Bees (2010-2012) features a collection of people who, faced with chaos, violence, alienation and irredeemable losses in life, feel propelled to leave physical traces and markings on their bodies, in order to testify and preserve a pure and sensitive mind from within. Besides 45 photographs, the project also compromises 40 groups of journals and letters exchanged between Zhe Chen and her subjects in the duration of two years.

The first glance of Zhe Chen‘s work conveys the idea of secrecy and sentiments, under which lies information awaiting exposure and recognition, like an index page pointing towards all the unanswered questions. The viewers will never be in direct communication with the people in the photographs, unfortunately. They can only see the images and read the words. What is the best way to summarize the reason for our existence? After all, we are only human. Zhe Chen feel responsible to be part of this dialogue.

Slow Road to China, Drew Dogget

In September 2009, I embarked on a photographic study of a remote, extremely undeveloped part of northwestern Nepal called Humla-and of the remarkable people who live there. They are a wonderful mix of grit and warmth, humility and pride, innocence and wisdom. For centuries, the Himalayas have walled them in, shaping and preserving their way of life.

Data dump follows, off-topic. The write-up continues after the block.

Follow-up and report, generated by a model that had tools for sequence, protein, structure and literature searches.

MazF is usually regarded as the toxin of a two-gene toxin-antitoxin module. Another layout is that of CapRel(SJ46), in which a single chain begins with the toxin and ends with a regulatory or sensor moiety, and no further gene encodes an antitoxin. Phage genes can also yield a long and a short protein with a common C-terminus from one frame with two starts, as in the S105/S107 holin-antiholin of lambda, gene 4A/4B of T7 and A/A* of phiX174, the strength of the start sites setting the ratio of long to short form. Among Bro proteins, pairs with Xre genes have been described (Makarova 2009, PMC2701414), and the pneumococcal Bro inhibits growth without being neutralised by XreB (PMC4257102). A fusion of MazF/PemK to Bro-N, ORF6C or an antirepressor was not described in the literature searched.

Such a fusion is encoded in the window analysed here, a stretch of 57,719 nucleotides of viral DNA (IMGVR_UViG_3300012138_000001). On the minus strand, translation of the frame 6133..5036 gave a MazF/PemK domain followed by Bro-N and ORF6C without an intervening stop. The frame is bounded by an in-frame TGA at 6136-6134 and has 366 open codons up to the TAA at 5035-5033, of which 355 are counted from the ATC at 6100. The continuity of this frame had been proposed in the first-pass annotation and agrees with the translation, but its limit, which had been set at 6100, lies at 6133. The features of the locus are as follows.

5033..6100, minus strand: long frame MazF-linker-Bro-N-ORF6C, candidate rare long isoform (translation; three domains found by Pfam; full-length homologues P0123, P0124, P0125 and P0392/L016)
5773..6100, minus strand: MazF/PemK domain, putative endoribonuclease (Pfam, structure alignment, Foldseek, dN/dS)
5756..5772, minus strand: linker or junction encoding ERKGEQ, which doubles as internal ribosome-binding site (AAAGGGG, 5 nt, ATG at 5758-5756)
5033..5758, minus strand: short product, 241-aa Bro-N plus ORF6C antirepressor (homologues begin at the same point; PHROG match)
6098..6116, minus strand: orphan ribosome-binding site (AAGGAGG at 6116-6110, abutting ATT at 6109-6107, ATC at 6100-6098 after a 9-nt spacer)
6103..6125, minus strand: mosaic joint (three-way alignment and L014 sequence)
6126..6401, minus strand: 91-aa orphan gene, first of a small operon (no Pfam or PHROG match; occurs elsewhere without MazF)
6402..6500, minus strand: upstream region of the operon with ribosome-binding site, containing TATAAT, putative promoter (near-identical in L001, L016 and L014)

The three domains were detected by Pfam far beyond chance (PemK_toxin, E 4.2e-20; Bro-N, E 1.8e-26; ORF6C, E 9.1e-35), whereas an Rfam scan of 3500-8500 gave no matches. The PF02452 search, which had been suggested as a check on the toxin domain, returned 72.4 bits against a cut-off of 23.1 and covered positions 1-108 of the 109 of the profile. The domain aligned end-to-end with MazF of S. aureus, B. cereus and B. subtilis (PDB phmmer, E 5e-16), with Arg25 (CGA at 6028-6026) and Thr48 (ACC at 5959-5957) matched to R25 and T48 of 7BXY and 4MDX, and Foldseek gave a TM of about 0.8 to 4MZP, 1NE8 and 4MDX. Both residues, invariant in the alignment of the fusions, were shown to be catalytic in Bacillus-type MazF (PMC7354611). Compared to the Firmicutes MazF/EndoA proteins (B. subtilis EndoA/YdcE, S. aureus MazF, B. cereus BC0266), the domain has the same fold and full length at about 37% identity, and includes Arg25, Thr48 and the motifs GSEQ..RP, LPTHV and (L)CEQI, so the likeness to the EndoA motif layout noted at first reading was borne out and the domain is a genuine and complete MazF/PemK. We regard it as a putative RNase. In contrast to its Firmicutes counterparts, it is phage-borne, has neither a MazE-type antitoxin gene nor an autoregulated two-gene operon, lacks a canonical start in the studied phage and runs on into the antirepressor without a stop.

Humla residents consider themselves the last remaining guardians of pure Tibetan culture. As modernity beckons, however, more of the region’s youth are leaving home. One thing I found in abundance, in these communities that make do with so little, was a firm sense of identity. It was my intention to capture this in my images—the strength of that sense, the pride the people of Humla take in the niche that they and their ancestors have carved out for themselves. It’s modest, yes, but it belongs entirely to them. Looming in the background of these photos, however, beyond the snowy peaks, is the very real possibility that future generations, assimilated into the Western world, might forfeit the rich and unique traditions cherished by their elders. Either way, these time-worn traditions are treasures worth documenting.

Amiko Li


Liu Zheng


Lin Zhipeng